Time for the two oldest white Bordeaux bottles I have acquired for this project. And luckily enough, both were alive and kicking!
1939 Château La Tour Martillac
In Chapter II I tasted the 1982 La Tour Martillac and wrote some short remarks about this old estate. And talk about old, what about a 1939?
The nose is restrained and a bit feeble, but very much alive. It evolves with air into fine notes of bee wax cakes, dried apricots, old glue, linoleum and a touch of smoke. An ever so slight touch of botrytis. Rather deep. It actually grows in the glass, these old things need air. Very good.
The taste is dry, medium deep and a bit hollow with notes of old lemons, oilcloth, gravel and some rubber. Wet stones. Some dry leaves. Fresher on the nose. But still highly enjoyable with a grilled salmon.
85p (tasted 2015/11)
1949 Château Bouscaut
The white wine of Bouscaut consisted way back of 60% Semillon and 40% Sauvignon Blanc (its now 50/50). The Lurton family has owned this estate since 1979. They have some old Semillon vines from the 19th century that still gives good fruit.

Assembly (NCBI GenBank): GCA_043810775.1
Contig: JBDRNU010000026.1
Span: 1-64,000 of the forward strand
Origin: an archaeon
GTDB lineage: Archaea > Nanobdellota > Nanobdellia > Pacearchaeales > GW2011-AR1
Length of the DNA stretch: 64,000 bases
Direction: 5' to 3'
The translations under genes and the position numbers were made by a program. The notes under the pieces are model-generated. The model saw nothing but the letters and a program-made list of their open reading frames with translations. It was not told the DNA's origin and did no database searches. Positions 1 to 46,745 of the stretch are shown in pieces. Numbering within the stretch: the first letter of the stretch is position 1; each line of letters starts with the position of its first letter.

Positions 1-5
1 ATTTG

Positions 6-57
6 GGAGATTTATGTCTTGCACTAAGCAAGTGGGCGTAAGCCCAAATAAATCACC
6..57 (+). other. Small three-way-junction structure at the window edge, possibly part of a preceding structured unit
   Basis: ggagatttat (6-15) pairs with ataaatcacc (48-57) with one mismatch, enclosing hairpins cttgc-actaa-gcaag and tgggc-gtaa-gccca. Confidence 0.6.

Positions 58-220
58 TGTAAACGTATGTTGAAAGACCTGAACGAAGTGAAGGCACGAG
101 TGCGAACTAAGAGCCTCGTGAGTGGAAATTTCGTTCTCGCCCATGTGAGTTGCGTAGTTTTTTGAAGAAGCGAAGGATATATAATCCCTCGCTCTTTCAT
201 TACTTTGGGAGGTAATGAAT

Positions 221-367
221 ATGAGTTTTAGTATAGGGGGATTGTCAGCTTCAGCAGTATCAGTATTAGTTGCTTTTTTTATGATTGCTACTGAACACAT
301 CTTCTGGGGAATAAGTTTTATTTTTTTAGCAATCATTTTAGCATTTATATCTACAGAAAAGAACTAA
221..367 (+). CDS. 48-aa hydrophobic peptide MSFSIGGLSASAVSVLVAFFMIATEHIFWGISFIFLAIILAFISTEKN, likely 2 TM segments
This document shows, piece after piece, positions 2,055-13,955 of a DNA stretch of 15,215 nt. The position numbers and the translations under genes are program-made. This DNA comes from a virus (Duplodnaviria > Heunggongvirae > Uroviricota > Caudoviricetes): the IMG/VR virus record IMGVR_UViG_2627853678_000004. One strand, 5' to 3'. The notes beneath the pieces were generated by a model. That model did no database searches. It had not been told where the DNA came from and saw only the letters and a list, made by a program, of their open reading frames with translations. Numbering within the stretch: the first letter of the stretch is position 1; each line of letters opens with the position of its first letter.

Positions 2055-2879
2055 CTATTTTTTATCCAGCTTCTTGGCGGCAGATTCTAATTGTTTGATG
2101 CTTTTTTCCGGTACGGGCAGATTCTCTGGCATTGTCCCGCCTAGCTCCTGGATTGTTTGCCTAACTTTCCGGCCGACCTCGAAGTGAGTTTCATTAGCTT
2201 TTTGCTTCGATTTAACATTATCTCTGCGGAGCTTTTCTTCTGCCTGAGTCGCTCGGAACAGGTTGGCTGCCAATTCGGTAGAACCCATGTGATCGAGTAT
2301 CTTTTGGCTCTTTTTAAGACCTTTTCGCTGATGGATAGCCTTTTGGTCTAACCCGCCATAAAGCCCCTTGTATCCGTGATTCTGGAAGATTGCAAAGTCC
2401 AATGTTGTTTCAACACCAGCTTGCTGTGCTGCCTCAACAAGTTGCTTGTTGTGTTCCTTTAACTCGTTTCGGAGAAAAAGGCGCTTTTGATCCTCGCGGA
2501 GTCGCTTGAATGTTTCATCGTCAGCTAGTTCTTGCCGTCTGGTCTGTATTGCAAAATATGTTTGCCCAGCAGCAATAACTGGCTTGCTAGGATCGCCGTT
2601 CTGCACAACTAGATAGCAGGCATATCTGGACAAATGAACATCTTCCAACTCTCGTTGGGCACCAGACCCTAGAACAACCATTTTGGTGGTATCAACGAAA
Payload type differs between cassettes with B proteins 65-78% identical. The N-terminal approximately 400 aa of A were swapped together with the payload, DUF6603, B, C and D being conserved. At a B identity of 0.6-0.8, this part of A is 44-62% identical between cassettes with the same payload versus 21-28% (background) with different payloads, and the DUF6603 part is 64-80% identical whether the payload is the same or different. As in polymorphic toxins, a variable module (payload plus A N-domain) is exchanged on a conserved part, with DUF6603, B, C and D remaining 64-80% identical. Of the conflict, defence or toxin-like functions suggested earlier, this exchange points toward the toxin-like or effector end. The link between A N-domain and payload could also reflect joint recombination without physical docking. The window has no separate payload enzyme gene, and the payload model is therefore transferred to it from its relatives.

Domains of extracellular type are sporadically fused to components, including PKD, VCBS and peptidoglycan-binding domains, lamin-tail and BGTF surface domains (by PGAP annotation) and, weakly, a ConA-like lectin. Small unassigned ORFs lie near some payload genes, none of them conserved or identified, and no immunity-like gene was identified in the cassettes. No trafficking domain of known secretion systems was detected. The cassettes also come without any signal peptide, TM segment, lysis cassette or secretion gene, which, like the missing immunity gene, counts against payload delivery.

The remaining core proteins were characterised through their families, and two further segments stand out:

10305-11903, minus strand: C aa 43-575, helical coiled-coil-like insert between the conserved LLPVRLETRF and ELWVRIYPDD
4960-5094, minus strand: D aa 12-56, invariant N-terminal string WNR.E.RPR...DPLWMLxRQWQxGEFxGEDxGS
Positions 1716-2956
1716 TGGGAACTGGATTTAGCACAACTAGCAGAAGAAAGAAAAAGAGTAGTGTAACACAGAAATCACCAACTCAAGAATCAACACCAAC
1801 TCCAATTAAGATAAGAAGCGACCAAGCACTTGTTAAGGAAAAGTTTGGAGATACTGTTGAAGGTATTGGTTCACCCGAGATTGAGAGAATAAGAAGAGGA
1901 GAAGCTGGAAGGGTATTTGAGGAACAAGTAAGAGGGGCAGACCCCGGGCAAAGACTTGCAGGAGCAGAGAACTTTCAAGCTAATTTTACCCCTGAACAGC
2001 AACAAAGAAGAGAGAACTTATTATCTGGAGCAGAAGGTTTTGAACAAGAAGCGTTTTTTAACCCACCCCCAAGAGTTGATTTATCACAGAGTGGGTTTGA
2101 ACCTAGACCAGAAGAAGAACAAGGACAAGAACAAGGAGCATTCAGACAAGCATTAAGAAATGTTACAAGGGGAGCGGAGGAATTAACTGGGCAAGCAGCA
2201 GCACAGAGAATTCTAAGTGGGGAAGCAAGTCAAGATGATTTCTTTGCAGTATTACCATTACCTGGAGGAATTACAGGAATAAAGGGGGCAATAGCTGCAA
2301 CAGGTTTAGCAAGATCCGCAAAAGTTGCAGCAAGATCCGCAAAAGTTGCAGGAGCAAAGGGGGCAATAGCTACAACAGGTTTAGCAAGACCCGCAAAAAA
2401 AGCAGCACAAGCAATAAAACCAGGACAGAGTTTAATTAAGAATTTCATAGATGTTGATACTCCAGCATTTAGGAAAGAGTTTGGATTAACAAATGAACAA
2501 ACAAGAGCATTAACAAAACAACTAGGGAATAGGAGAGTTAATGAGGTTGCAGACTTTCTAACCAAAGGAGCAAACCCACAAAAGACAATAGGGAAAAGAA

The nose opens cool and restrained, and evolves in the glass with notes of dry lavender honey, lots of gravel, dry lemon peel and some nutty scents. Good but it feels a bit shallow.
The taste is mature, tight and dry with notes of candied orange peels, dried apricots, smoke, gravel and oilcloth. The finish is medium long and ends very dry. A bit too dry - as the label says "Extra dry" - on its own but it works fine with the food.
82p (tasted 2015/11)
Ja, blint hade det varit lätt att på färgen tro att det skulle vara sött...Delete
Fan Joakim, vit Bordeaux skall dricka så här: https://instagram.com/p/90naIjI08H/?taken-by=winepunkerReplyDelete
Knappast - gammalt är bra, ung är dåligt - den devisen lever jag efter! :-)Delete